In a previous chapter, I alluded to Governor Macquarie‘s fondness for stone walls. No building was complete in the “building Governor’s” eyes until it was properly walled about. When he completed the barrack buildings to his satisfaction, the Governor must have contemplated the stretch of George street from where the Bank of Australia afterwards stood to Barrack street with particular satisfaction, for was it not one of the boundaries of his barracks, and, therefore, in need of a wall? So, like Balbus, he built a wall —a noble wall ten feet high, and for some thirty years that stretch of wall was a feature of Sydney.
It extended, not alone on this front, but went right round the barracks, i.e., up Barrack Street to Clarence Street, along that street, to a little north of Margaret Street, and on to the point of commencement, Macquarie gave as his reason for the height that “the great object of this wall is to restrain as much as possible the intercourse between the military and the inhabitants of the town.”
The Old Barracks
Inside the wall were barracks for officers and men, storehouses, and parade and exercise grounds. The main row of barracks stood between Clarence and York streets, the men’s in the centre, with the officers’ to right and left, and between the latter street and George street was the parade ground. The main entrance was in George street, and a broad gravel path led straight up to the barracks. It was bordered on either side by grass plots, and these same plots were the cause of making one colonel in charge very unpopular in Sydney.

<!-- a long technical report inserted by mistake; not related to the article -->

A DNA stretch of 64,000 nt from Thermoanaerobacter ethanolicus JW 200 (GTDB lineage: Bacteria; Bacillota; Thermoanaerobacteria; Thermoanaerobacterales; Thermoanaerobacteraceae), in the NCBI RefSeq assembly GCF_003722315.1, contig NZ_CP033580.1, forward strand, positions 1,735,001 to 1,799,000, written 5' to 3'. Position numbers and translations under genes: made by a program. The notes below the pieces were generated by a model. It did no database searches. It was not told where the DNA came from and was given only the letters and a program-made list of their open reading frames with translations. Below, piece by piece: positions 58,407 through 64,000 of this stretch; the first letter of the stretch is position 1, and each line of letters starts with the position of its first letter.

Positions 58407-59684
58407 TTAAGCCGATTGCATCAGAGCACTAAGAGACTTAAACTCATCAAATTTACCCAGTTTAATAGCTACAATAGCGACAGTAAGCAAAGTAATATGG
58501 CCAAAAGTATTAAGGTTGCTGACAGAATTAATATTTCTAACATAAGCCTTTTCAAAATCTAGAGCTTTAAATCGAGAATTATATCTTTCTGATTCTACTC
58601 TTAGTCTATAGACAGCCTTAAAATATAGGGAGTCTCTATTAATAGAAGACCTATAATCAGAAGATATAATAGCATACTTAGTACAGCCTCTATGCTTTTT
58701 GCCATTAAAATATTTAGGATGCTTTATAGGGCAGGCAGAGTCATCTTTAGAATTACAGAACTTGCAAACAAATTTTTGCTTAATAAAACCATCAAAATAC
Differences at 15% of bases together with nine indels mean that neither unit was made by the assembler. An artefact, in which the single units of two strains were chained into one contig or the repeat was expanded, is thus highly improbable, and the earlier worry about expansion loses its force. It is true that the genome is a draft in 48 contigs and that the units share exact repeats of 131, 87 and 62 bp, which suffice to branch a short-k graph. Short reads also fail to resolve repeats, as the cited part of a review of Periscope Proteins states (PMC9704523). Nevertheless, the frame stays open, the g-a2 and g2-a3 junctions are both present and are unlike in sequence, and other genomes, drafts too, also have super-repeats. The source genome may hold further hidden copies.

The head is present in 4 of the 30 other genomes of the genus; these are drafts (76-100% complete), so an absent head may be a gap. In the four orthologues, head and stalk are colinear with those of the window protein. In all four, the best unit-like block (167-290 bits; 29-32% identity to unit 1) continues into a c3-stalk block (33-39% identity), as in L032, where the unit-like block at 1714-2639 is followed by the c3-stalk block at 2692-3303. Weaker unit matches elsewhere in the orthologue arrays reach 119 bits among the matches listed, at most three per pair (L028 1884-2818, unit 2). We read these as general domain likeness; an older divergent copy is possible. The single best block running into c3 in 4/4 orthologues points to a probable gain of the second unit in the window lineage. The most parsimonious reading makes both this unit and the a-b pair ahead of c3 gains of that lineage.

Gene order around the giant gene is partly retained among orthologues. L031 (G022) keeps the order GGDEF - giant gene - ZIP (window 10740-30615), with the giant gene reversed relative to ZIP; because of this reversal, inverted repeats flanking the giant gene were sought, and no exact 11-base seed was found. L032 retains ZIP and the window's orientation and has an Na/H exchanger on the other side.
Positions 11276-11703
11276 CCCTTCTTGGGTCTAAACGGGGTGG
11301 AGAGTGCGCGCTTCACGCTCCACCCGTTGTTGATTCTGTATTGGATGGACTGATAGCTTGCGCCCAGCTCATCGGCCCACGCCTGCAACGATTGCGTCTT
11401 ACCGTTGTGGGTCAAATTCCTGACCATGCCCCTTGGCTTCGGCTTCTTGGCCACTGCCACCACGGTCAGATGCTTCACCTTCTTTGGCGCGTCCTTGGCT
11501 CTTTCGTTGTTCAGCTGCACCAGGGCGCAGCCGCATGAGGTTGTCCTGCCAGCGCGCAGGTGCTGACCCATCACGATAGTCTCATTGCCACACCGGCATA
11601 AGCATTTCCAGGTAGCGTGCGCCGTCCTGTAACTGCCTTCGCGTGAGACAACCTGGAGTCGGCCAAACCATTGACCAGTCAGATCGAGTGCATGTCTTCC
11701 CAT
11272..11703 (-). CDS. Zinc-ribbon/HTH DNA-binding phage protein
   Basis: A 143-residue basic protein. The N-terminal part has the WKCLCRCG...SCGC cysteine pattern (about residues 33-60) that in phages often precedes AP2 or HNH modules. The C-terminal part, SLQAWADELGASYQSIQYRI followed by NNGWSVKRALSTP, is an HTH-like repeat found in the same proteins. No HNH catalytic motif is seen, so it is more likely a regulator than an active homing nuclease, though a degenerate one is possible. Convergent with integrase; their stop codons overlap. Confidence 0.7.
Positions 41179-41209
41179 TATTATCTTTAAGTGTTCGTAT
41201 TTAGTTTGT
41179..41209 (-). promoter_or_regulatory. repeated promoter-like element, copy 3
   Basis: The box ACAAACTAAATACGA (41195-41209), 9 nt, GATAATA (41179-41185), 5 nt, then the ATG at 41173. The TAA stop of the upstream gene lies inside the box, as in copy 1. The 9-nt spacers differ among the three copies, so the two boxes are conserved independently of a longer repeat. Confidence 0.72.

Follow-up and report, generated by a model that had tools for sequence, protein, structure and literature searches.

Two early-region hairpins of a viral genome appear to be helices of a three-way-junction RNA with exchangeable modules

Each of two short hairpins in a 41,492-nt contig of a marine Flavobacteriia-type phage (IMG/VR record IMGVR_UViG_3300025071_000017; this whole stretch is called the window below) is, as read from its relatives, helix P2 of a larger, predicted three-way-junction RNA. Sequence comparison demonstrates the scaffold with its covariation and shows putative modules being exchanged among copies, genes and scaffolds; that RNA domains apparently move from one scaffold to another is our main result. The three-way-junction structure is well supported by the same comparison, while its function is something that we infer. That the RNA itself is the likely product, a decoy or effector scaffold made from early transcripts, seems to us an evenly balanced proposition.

Colonel Despard was that officer, and it may have been a hereditary instinct that made him unpleasant, for he was the son of that Captain Despard who with others conspired to take the life of George III. The people of Sydney had what they considered an immemorial right to enter, during the day time, the main gate in George street, and to walk across the grass to a gate on the right as a short cut to Fort street, and on the left to York street. Colonel Despard decided to stop this privilege and posted sentries to warn people off the grass. Indignation burst forth in letters to the “Sydney Morning Herald,’ and in doggerel song, the refrain of one of which ran :—-
Get off the grass, get off the grass, Said Corporal Desparado.
To add to his load of iniquity the colonel ordered that early morning bugle practice should be held outside the barracks on Flagstaff Hill. Naturally, the dwellers in the locality, whose early morning slumbers were so unduly interrupted, objected to this innovation. One of them burst into song, and in the “Herald” of January 31st, 1845, you may find “The Morning Serenading Corps, or Music Before Daylight, a lament from the miserable and unhappy residents in Fort street and its immediate vicinity.” One verse ran:—
All vanished now thy glory,
Thy star is on the wane;
The 99th in story
Shall never shine again.
Their Colonel loathes the martial notes
On which each other colonel dotes.
When the Paddington barracks were completed, in 1847, the troops were moved out of the old barracks, and between 1850 and 1853 the area was cut up and sold, with the exception of the Wynyard Reserve, which remains as a memorial of the barrack-square.
Within this reserve is a statue of John Dunmore Lang, and I cannot refrain from recording a little incident round this statue told to me by that sweet old lady Mrs. F. Ranken. Mrs. Lang, the Doctor’s widow, told her that after much pressure she consented to unveil this statue. “I pulled the flag,” she said, “but I didn’t look at the statue. At night it was wet and cold, and I felt as if I wanted to go out and bring it in alongside the fire.”